With the number of video streaming services increasing all the time, it’s tempting to assume the death of cinema is nigh. After all, why would you pay $10 for one film when you can enjoy a whole month of Netflix for less?
Perhaps I’m being facetious. Going to the movie theater is still an enjoyable activity. However, it’s hard to deny that with progressively larger TV screens, better picture quality, and improvements in speaker systems, the difference between watching at home and heading to the cinema is narrowing.
One company — MoviePass — is trying to reverse the trend and inject new life into the theater-going experience. But what is MoviePass? How does it work? And how can it save you money? Keep reading to find out everything you need to know about using MoviePass.
A Brief History of MoviePass
MoviePass is a subscription-based movie service. For a monthly fee, subscribers can watch up to one film per day in participating movie theaters.
The company started life in 2011 in New York. Initially, users could print off vouchers and redeem them for tickets. Interest remained relatively low until October 2012 when a subscription model replaced the voucher system.
Even then, the subscription model was restrictive. The number of films users could enjoy was determined by the size of the market in which they lived.
As recently as mid-2016, Chief Executive Officer Mitch Lowe said he had ambitions for an entry-level service that would cost around $20, with different payment tiers going as high as $100 for unlimited viewing.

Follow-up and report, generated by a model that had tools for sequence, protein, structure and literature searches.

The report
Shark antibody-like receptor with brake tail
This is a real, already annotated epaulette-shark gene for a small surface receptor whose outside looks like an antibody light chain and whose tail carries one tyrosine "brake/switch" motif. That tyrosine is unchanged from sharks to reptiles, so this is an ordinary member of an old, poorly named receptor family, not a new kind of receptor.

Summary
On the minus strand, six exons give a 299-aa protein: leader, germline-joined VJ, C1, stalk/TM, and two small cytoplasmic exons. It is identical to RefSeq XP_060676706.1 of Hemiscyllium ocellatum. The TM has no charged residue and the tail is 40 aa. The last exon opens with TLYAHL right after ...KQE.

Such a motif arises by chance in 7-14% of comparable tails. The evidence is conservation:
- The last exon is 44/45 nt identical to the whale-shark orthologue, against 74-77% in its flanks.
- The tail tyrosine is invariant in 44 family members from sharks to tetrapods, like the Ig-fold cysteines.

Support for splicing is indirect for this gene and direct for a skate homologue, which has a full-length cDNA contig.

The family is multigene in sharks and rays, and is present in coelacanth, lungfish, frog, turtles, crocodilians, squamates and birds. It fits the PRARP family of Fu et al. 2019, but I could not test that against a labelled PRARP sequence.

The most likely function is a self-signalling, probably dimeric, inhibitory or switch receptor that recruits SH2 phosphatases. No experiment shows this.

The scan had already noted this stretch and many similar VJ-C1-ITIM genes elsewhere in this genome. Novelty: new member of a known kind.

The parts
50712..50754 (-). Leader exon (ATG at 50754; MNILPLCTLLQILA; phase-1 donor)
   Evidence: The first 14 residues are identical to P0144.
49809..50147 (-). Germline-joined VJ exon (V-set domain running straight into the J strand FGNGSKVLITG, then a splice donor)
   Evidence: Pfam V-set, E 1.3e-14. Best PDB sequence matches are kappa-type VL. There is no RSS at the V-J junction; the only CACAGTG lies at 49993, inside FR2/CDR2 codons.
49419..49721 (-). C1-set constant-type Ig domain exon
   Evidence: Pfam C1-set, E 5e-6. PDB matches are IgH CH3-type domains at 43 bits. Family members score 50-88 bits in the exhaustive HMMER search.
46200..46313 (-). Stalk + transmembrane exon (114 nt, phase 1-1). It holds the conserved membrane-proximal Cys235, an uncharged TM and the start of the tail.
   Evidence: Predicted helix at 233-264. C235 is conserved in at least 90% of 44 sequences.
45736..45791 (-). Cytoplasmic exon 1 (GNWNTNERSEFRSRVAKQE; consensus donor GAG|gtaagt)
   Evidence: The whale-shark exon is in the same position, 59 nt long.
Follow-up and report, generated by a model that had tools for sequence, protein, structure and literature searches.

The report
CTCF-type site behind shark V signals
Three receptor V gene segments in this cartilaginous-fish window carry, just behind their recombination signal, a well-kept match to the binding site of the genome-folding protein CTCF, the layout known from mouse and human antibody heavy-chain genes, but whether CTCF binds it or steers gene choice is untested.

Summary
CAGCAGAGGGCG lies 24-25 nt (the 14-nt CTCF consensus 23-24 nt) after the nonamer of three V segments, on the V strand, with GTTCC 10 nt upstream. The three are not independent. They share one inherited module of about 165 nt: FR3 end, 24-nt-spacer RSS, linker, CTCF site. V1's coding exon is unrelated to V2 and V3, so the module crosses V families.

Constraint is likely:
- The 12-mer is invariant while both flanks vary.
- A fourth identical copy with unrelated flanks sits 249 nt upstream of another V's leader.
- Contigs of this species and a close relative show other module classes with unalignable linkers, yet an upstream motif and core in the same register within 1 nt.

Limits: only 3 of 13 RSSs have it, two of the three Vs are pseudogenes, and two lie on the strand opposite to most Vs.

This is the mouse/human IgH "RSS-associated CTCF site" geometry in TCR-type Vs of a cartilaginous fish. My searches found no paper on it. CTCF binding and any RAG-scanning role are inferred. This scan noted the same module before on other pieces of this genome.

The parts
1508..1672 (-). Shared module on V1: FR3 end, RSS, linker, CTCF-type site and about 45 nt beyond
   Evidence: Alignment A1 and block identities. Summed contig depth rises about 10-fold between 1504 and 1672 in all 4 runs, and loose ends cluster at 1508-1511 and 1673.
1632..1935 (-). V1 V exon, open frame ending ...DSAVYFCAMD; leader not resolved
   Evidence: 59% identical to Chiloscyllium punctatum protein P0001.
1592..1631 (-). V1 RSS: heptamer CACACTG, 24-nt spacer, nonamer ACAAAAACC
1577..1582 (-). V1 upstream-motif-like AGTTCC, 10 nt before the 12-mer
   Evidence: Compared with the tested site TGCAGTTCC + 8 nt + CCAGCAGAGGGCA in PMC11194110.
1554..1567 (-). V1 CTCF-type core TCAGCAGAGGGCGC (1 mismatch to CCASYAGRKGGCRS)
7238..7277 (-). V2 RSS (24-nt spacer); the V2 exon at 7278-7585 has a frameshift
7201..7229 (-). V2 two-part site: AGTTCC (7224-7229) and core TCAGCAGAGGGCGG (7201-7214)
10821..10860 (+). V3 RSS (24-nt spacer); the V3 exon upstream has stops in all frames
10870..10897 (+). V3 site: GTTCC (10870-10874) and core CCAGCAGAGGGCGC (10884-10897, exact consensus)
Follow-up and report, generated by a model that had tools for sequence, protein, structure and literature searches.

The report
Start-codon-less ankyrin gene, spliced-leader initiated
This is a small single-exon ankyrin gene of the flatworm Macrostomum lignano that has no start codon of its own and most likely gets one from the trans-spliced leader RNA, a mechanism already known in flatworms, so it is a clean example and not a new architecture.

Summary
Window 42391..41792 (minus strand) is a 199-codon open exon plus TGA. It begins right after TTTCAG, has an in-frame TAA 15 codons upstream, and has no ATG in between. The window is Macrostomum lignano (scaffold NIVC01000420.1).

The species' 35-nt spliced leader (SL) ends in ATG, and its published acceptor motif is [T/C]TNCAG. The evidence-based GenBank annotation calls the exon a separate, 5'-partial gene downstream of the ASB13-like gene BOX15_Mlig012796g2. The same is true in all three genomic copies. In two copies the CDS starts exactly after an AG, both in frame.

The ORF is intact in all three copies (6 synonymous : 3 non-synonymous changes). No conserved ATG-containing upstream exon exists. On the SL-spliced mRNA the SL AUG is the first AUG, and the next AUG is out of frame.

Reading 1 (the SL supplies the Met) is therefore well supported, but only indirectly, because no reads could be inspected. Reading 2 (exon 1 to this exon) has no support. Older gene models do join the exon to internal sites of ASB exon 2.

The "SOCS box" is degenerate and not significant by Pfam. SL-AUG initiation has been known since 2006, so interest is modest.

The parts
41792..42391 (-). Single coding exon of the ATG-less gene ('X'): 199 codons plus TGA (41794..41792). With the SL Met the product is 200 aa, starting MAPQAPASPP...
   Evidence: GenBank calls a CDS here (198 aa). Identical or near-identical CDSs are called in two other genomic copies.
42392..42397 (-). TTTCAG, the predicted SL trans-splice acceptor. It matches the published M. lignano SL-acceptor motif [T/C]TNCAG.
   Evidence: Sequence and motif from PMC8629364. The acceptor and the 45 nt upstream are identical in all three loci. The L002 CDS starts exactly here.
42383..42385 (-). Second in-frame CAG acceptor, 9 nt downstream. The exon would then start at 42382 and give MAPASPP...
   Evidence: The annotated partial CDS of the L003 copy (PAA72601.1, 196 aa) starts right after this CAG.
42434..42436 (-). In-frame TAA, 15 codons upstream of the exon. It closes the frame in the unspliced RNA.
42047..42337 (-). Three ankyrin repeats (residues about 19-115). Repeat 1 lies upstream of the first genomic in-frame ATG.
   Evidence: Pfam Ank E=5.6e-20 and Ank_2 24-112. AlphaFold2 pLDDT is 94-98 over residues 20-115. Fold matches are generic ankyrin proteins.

The public still wasn’t enamored. By the end of 2016, the service still only had 20,000 subscribers.
Why Is MoviePass in the News Now?
So why is everyone suddenly interested in what appears to be a rather niche service? It’s all because, in August 2017, MoviePass became a bit of a bargain.
Analytics firm Helios and Matheson bought a majority stake in MoviePass and immediately announced it would lower the price for unlimited films to just $9.95 per month. Thus putting it into a similar price bracket as Netflix, Amazon Prime Video, Hulu, and all of the other online streaming services.
Explaining the change, CEO Lowe said, “After years of studying and analysis we found that people want to go to the movies more often, but the pricing keeps going up, and that prevents them from going more. We’re making it more affordable for people.” (via Variety).
The company’s gamble quickly paid off. Reports suggest MoviePass picked up 150,000 new subscribers in the 48 hours after the announcement, and the number has continued to rise steadily ever since.
How Does MoviePass Work?
MoviePass relies on its accompanying Android or iOS app. If you don’t have access to either mobile operating system, you will not be able to use the service.
Once you’ve signed up and agreed to pay the $9.95-per-month fee, MoviePass will send a physical card to you in the post. Upon receipt of the card, you can activate the app and start buying tickets.
When you go to the movie theater, just make sure you take your MoviePass card with you. If you don’t have it, you will not be able to redeem your ticket and watch the film.